Participants in the conference came from commercial, public and not-for-profit sectors and featured contributions included: Melbourne Water, Telstra, National Australia Bank, Australia Post, Insurance Australia Group, ANZICS, Mater Healthcare Services, Australian Bureau of Statistics. Contributions for the vendor and service provider community included presentations from ExperienceMatters, Accenture and BigData-Startups.com.

Telstra: Winners of the DQAPAC Enterprise Award for 2014

In addition to the main conference, the Asia Pacific chapter of the InternationalAssociation for Information and Data Quality (IAIDQ) presented the 2014 Data Quality awards, with honours going to:

Individual Data Quality Champion Award: Grant Robinson.

Project Award: Winners: Mater Healthcare Services; Runner-up Telstra.

Enterprise Award: Winner: Telstra. Runner-up; SBI Insurance.

There was so much to take in throughout the two days that it’s pretty tough to try and summarise everything! (I will probably revisit some topics in more depth in future posts…) But for now, here are my “top 10” highlights:

1. Data Quality is boring!
Or at least, it can be perceived to be boring by people who aren’t actively engaged. Passionate people are needed if the data is doing to be cared for, so you need to engage in a manner that is relevant to the business community, not concentrate on the practitioner processes. Use language and examples that are business-oriented. Make it fun!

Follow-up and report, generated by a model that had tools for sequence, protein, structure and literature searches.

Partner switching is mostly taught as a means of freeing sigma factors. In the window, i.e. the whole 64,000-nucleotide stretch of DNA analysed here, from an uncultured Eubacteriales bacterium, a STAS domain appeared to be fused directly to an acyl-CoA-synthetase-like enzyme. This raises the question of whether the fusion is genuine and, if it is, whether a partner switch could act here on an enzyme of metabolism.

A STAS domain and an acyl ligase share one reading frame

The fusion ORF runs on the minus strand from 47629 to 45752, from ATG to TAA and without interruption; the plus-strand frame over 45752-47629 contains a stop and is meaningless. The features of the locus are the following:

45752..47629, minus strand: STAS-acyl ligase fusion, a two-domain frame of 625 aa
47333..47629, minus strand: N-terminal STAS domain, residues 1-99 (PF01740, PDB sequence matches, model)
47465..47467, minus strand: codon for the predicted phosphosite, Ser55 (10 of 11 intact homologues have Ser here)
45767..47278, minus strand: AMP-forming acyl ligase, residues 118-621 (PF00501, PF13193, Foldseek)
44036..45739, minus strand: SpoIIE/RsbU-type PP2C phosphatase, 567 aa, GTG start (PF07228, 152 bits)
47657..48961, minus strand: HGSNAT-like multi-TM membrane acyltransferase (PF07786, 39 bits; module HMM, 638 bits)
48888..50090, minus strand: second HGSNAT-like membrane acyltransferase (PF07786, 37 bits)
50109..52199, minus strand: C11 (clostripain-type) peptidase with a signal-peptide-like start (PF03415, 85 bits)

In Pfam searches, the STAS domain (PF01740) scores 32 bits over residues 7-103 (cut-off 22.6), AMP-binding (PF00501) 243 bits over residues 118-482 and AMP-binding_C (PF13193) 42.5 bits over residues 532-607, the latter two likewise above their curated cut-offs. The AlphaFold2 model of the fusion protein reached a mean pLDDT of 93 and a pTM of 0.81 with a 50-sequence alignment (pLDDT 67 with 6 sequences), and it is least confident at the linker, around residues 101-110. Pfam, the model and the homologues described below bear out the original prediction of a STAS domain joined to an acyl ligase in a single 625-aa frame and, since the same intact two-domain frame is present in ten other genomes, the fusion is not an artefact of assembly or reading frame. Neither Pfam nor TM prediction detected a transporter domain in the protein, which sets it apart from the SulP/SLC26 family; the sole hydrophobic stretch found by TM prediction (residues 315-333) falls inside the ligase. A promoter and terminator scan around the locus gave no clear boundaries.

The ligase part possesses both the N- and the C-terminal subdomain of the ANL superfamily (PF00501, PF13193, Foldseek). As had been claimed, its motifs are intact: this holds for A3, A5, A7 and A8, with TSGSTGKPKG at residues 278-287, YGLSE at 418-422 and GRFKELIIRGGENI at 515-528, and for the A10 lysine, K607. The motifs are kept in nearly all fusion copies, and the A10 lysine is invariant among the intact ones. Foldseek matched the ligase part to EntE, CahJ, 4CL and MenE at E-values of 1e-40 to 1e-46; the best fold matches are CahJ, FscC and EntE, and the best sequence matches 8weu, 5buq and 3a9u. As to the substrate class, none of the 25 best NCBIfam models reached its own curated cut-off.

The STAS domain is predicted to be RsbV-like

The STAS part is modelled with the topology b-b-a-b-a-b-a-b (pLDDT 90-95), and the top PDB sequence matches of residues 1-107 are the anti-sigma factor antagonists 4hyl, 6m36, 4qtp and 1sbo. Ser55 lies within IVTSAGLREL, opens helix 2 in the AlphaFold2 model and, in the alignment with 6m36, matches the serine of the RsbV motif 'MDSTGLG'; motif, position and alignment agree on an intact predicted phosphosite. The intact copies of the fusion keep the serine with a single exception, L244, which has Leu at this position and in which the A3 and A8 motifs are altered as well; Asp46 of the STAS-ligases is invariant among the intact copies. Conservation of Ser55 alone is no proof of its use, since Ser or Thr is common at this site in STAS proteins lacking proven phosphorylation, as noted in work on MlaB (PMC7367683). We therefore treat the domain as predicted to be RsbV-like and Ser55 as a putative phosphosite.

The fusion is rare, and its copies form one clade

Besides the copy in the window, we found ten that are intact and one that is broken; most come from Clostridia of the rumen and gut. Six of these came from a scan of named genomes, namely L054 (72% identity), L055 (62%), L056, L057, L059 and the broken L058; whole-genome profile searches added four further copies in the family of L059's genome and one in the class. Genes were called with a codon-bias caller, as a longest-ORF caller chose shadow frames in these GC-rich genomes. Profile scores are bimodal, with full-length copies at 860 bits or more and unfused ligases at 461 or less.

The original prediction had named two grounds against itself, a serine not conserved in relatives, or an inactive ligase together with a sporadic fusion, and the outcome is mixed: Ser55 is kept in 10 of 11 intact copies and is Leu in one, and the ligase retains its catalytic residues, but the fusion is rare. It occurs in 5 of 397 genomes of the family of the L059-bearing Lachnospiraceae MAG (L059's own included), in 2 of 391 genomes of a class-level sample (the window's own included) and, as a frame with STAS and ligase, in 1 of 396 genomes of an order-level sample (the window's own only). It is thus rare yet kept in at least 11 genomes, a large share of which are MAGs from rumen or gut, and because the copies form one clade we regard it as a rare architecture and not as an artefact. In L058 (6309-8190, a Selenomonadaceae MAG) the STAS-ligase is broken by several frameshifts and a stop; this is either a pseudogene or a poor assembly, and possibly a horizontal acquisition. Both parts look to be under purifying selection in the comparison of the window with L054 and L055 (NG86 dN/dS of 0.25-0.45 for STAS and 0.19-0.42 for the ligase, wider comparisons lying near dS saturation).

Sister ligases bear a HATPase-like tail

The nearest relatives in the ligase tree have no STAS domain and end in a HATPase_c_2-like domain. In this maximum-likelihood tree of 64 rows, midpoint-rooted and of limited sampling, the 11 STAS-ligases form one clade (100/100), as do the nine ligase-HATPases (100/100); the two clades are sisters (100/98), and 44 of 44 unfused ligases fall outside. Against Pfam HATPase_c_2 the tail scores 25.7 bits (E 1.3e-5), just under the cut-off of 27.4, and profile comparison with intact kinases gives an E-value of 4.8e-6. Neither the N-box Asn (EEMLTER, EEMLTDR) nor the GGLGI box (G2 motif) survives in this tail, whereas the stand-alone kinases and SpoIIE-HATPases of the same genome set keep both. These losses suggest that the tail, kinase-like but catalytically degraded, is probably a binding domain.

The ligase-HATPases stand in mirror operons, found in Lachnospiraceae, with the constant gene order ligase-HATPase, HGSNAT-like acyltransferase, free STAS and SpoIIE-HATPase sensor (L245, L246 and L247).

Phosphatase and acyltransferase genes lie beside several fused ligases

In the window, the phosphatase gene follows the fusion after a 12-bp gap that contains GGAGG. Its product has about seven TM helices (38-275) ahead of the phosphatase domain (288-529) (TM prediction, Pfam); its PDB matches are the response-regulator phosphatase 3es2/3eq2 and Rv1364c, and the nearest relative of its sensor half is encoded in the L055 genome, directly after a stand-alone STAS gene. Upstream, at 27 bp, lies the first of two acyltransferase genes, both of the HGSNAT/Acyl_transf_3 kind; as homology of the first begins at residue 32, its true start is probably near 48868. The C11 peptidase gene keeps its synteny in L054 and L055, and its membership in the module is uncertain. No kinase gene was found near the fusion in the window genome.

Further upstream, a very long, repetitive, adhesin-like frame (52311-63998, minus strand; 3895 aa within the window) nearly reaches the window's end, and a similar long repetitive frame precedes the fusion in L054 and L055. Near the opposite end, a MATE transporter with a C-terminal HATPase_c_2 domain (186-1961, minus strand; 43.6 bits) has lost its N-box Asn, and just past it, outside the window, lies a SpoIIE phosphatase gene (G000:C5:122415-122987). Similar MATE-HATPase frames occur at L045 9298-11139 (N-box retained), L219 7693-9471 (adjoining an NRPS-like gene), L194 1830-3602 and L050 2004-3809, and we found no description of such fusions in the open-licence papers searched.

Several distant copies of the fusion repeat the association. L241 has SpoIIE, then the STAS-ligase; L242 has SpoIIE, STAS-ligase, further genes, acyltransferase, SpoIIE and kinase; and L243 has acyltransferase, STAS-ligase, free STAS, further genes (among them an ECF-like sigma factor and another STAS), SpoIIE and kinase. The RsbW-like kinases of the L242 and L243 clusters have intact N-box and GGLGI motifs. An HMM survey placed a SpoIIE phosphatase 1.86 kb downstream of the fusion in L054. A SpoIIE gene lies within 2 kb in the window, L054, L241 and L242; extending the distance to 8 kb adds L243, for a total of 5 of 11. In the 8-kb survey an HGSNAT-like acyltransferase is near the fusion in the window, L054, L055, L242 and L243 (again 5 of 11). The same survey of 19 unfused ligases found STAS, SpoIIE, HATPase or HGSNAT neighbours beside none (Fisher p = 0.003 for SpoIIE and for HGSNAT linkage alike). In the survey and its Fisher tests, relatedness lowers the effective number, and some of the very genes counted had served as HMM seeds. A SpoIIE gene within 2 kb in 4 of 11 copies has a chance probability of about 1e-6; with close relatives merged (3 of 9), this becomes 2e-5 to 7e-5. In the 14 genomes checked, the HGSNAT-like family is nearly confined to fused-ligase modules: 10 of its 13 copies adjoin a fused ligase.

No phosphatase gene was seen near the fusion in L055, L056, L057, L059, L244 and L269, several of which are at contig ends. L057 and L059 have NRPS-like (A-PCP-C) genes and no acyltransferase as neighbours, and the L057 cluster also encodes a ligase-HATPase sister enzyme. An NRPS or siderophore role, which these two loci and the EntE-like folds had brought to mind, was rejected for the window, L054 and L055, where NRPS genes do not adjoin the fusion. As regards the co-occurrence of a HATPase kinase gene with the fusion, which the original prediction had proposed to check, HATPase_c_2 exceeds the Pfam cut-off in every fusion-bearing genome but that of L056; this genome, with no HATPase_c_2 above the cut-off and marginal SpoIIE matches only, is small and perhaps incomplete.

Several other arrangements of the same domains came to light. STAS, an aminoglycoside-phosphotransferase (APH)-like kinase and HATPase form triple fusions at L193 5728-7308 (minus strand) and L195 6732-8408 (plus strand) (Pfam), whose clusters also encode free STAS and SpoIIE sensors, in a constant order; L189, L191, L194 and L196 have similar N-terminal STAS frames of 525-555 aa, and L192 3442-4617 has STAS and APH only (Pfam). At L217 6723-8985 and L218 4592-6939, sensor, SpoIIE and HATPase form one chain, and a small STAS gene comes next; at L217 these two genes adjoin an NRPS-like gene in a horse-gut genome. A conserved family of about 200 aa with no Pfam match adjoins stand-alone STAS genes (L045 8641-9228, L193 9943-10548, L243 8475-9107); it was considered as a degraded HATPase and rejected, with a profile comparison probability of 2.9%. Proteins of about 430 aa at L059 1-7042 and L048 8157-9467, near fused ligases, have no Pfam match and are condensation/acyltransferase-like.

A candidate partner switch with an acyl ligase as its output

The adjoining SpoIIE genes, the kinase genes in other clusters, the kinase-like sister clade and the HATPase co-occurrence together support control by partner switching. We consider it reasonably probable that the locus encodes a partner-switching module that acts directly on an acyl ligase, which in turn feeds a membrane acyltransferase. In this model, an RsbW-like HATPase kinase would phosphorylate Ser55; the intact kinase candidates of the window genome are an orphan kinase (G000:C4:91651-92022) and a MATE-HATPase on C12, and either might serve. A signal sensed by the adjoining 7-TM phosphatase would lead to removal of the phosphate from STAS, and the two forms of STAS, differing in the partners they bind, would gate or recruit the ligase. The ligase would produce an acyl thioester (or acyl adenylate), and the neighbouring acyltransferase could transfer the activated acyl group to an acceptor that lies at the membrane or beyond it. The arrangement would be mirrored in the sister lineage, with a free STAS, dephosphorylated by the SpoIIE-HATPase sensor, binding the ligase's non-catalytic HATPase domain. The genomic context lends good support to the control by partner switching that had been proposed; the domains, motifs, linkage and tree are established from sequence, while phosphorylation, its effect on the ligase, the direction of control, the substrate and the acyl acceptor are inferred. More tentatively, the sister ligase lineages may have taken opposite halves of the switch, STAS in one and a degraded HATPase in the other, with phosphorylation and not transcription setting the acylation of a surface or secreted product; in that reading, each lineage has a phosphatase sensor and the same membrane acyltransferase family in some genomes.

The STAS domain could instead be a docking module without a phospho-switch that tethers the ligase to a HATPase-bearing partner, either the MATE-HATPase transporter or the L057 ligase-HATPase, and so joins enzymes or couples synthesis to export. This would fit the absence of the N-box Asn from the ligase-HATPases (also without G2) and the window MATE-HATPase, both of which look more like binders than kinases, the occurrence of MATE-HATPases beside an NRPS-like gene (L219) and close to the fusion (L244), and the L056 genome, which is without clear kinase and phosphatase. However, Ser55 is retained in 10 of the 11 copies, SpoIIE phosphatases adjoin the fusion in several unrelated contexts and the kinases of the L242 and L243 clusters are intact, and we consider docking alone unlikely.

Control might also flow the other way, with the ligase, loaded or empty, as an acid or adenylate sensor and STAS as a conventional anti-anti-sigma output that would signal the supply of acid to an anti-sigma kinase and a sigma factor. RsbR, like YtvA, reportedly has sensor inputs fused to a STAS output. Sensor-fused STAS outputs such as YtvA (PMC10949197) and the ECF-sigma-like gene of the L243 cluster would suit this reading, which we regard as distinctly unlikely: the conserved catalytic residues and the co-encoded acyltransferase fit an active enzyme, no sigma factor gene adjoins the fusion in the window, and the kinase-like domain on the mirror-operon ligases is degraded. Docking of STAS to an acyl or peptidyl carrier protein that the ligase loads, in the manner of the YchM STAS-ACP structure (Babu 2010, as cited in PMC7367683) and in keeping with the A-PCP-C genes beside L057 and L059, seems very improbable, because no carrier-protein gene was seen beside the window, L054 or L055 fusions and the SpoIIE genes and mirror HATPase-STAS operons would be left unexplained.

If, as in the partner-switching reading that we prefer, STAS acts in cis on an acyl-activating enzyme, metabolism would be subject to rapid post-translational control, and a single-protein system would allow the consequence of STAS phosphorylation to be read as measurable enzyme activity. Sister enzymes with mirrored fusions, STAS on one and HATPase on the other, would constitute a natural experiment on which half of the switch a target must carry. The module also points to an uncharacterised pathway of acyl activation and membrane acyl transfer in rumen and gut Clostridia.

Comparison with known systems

Branding is also a crucial element of the communication process – it raises the visibility of Data Quality & Governance, and makes it more engaging. (e.g. meet Deekew, the mascot for data quality at SBI Insurance.) 

2. Learn from you mistakes
Don’t repeat the failures of before. Projects should incorporate a “Long Hard Look” exercise at the start of a project phase as part of project initiation and planning, not at the end of a project (when the lessons will quickly get forgotten).

3. Plan for change, and expect to change your plans.
Having a good plan will enable you to adapt later. But don’t adhere rigidly to the plan, because reality never turns out the way you though it might. Be flexible, be adaptable, be responsive, and be available.

4. Identity Management and Federated MDM
The concepts of “Party” and “Roles” are critical to enabling a single consolidated understanding and unique identification of each “customer.” At some point, an individual could play any number of roles in interacting with the organisation (e.g. customer, member of staff, supplier, broker, agent, benefactor, consultant…. IAG currently recognise 37 valid roles that a Party may play.) The concepts of Party and Role require constant ongoing education to the business.

5. Customer-Centric = Information-Centric